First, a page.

In mid May a pair of young swans built a nest on one of Norfolk's more remote waterways. For six weeks the Pen sat on the nest including a scorching hot spell in June. Along with several others I kept watch over the pair in the hope there might be youngsters. As the pen is a young bird there were no gaurantees there would be a sucessful outcome - it was simply watch and wait.
|The Swans nest on the canal.|
On my twice weekly visits to the area my first stop was always the swan's nest in the hope there would be something to film. Several weeks went by without any significant change apart from the cob letting me know he had his eye on me. This was demonstrated from time to time with some slightly menacing hisses followed by some extravagant wing flapping.
On Monday June 23rd I made an extra trip to the nest site - Surprise! Surprise! there was a group of five fluffy little chicks inspecting the nest.
|Five chicks and one egg.|
Mum gently turned the one remaining egg while the five cygnets squeaked continuously as they surveyed the strange world they found themselves in. It was sheer luck that I had arrived when I did, even better I was just in time to film the chicks entering the water for the first time.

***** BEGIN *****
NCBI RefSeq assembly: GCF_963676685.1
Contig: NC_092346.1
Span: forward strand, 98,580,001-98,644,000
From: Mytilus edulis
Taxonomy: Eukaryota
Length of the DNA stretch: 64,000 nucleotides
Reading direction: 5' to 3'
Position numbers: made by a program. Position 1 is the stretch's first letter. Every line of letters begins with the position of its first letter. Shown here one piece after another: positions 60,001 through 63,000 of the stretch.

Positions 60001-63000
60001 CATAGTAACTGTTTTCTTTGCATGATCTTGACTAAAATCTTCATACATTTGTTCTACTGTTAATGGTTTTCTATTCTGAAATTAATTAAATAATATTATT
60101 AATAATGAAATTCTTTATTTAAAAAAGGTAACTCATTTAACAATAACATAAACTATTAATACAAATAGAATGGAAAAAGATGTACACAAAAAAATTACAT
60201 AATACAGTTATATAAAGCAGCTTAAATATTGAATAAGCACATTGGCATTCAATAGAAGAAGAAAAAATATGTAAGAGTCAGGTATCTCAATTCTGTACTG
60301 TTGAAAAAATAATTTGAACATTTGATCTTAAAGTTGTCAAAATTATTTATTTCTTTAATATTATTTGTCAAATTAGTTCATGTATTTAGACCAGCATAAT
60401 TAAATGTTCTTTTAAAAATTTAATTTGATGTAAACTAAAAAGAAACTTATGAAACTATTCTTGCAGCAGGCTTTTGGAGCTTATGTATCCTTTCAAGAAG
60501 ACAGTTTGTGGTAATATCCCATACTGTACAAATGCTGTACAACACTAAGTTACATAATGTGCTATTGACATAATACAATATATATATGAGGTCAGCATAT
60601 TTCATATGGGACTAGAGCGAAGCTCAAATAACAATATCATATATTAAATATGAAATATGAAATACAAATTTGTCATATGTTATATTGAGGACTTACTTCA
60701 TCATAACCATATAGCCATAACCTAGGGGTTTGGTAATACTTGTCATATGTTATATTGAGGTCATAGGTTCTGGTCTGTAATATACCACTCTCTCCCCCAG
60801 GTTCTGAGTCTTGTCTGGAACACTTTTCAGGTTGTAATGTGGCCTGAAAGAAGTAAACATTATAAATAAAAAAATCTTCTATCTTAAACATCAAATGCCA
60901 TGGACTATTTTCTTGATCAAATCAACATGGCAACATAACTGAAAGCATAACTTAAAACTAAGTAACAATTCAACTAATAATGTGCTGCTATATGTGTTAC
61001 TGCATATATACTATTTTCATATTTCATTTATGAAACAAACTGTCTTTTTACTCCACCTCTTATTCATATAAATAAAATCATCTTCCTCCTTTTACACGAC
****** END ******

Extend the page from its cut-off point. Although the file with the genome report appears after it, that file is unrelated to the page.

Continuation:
At the time of writing the chicks are just two weeks old and seem to be doing okay. There are dangerous times ahead for them. An RSPB survey states that only half the cygnets born reach maturity, predators and pollution account for most of the fatalities. The chicks are on a secluded, private stretch of water and I believe they are relatively safe from human interference. Even so I have chosen not to disclose their exact location as I have long since lost my faith in many kinds of human behaviour.
"Vaya con dios" little fellows.
To see a video of the cygnets please click the link below.
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